Satish Kumar Mittal, J.
Appellant Ruldu Ram has filed the instant appeal against the judgment and order dated 23.12.2005 and 24.12.2005, respectively, rendered by Special Judge, Gurdaspur, in Sessions Case No. 16 of 2004. By the said judgment, the trial court convicted the appellant and his co-accused Anup Gupta under Section 21 of the Narcotic Drugs & Psychotropic Substances Act, 1985 (hereinafter referred to as `the NDPS Act') and vide order dated 24.12.2005, both of them were sentenced to undergo rigorous imprisonment for 12 years, with a fine of Rs. 1,00,000/- each under Section 21 of the NDPS Act. In default of payment of fine, the defaulting convict was directed to further undergo rigorous imprisonment for one year.
2. In the present case, on 2
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4.8.2003, when the police party headed by SI Paramjit Singh (PW.2) was holding a `nakabandi' at Amritsar bye pass in connection with general checking, it received a secret information that one Ruldu Ram was to receive a consignment of smack from Rajasthan through one Anup Gupta. On receiving the said information, SI Paramjit Singh went to Jalandhar bye pass for the purpose of holding a special `naka'. While on their way, the police party spotted two persons coming out of a deserted brick kiln. On seeing the police party, both those persons immediately turned back, thereby raising a suspicion in the minds of the police party. SI Paramjit Singh then stopped those two persons and apprehended them. On enquiry, they disclosed their identity as Ruldu Ram (appellant) and Anup Gupta (co-accused of appellant). They were suspected to be in possession of some drugs. SI Paramjit Singh asked them as to whether they desired to get themselves searched by a Gazetted Officer or by a Magistrate. Both of them expressed their desire to get themselves searched by a Gazetted Officer. Accordingly, a wireless message was sent to DSP Narinder Kumar Bedi (PW.1) with a request that he should reach the spot, where appellant Ruldu Ram and his co-accused Anup Gupta had been apprehended. After some time, DSP Narinder Kumar Bedi reached the spot and he again asked both the persons as to whether they would like to get themselves searched by him or by a Magistrate. They had consented to be searched by DSP. During the search, one kilogram of brown sugar was recovered from the possession of the appellant, which he had concealed in a glazed paper from a yellow colour `parna' tied by him around his waist. On personal search of Anup Gupta, half a kilogram of brown sugar wrapped in a glazed paper was recovered from an attaichi-case, which he was holding in his right hand. 10 grams each of brown sugar were separated out of both the recoveries, as samples, and their parcels were prepared. Separate parcels of the remaining 990 grams of brown sugar, recovered from appellant Ruldu Ram, and 490 grams of brown sugar, recovered from his co-accused Anup Gupta, were prepared. All the parcels were sealed with the seals of SI Paramjit Singh and DSP Narinder Singh Bedi. The two sample parcels were sent to the Chemical Examiner for analysis. As per the report of Forensic Science Laboratory, Punjab, Chandigarh (Ex.PM), these samples contained 4.9% and 5% Dyecetyle Morphine.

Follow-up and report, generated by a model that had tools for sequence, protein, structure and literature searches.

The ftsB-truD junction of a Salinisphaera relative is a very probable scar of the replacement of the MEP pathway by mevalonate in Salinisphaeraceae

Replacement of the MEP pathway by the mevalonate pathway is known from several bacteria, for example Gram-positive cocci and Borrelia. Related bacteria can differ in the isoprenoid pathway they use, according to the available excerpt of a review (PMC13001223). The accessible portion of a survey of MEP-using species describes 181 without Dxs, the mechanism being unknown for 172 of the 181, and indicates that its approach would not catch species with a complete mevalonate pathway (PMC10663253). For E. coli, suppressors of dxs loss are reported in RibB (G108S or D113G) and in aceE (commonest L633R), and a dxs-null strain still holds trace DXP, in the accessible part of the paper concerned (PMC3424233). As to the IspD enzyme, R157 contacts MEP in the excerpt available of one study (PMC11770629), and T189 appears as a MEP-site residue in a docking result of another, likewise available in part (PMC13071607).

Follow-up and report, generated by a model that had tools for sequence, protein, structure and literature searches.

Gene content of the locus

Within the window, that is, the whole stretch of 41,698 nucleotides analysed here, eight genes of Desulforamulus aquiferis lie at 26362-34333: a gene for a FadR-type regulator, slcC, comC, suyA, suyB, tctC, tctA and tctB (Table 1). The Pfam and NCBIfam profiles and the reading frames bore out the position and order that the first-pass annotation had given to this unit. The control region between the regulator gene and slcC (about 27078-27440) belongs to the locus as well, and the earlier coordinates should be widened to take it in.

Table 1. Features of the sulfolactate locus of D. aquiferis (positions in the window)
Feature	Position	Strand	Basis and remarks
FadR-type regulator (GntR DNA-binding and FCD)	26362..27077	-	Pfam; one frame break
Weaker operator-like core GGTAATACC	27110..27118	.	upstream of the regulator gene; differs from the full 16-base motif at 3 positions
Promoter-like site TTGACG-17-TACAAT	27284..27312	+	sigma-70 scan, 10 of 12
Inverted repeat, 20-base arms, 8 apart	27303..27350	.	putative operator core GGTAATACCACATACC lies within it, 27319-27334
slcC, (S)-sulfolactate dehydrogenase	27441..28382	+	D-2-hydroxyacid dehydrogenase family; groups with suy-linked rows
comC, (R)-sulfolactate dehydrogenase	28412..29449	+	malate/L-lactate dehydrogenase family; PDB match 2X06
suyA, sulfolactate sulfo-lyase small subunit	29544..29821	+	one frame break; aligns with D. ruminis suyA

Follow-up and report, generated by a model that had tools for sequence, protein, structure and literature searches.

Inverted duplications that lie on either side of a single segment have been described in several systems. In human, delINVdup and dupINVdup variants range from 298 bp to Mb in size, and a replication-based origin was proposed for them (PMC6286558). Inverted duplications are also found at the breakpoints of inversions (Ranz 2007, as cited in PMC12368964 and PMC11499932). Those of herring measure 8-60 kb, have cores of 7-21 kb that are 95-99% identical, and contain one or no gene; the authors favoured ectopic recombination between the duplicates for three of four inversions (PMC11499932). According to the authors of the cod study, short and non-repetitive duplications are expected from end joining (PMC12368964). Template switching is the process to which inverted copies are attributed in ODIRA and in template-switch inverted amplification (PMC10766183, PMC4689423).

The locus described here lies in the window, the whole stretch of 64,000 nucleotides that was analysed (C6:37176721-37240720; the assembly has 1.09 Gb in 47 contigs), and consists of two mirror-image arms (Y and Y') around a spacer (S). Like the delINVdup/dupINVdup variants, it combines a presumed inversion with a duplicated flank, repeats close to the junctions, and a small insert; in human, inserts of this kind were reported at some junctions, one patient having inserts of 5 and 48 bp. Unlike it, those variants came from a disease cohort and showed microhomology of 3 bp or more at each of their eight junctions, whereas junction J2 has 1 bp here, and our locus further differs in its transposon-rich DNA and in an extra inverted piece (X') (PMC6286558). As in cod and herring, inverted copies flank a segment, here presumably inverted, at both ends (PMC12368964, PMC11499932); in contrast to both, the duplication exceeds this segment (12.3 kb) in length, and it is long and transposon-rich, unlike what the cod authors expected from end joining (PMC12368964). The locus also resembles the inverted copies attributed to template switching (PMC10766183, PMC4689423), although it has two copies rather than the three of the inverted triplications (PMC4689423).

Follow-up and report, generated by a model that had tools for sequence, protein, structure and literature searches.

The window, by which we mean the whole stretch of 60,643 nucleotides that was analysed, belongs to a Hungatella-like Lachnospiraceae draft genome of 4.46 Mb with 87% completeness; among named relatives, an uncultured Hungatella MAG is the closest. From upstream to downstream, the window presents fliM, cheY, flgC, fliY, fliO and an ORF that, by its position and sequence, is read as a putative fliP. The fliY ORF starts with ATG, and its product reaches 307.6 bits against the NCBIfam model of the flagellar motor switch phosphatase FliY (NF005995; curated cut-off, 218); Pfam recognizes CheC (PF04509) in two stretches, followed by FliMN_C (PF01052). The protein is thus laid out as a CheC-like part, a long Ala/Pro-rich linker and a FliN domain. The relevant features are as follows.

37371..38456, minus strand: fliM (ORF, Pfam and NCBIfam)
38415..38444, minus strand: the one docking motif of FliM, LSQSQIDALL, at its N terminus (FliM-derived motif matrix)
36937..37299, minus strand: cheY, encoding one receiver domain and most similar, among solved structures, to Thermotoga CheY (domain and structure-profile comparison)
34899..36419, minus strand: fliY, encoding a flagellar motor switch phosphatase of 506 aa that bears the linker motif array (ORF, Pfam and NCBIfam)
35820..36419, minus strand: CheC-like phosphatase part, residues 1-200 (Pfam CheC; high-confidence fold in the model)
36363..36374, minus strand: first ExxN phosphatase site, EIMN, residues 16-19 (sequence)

3. After completion of investigation, the challan was filed against the accused and charge under Section 21 of the NDPS Act was framed, to which they did not plead guilty and claimed trial.
4. The accused were tried together by the court of Special Judge, Gurdaspur and vide impugned judgment and order, they were convicted and sentenced, as indicated above.
5. Aggrieved against the aforesaid judgment and order, accused Anup Gupta filed Criminal Appeal No. 537-DB of 2006, which was decided by a Division Bench of this Court on 7.5.2008. By that time, appellant Ruldu Ram did not file the appeal.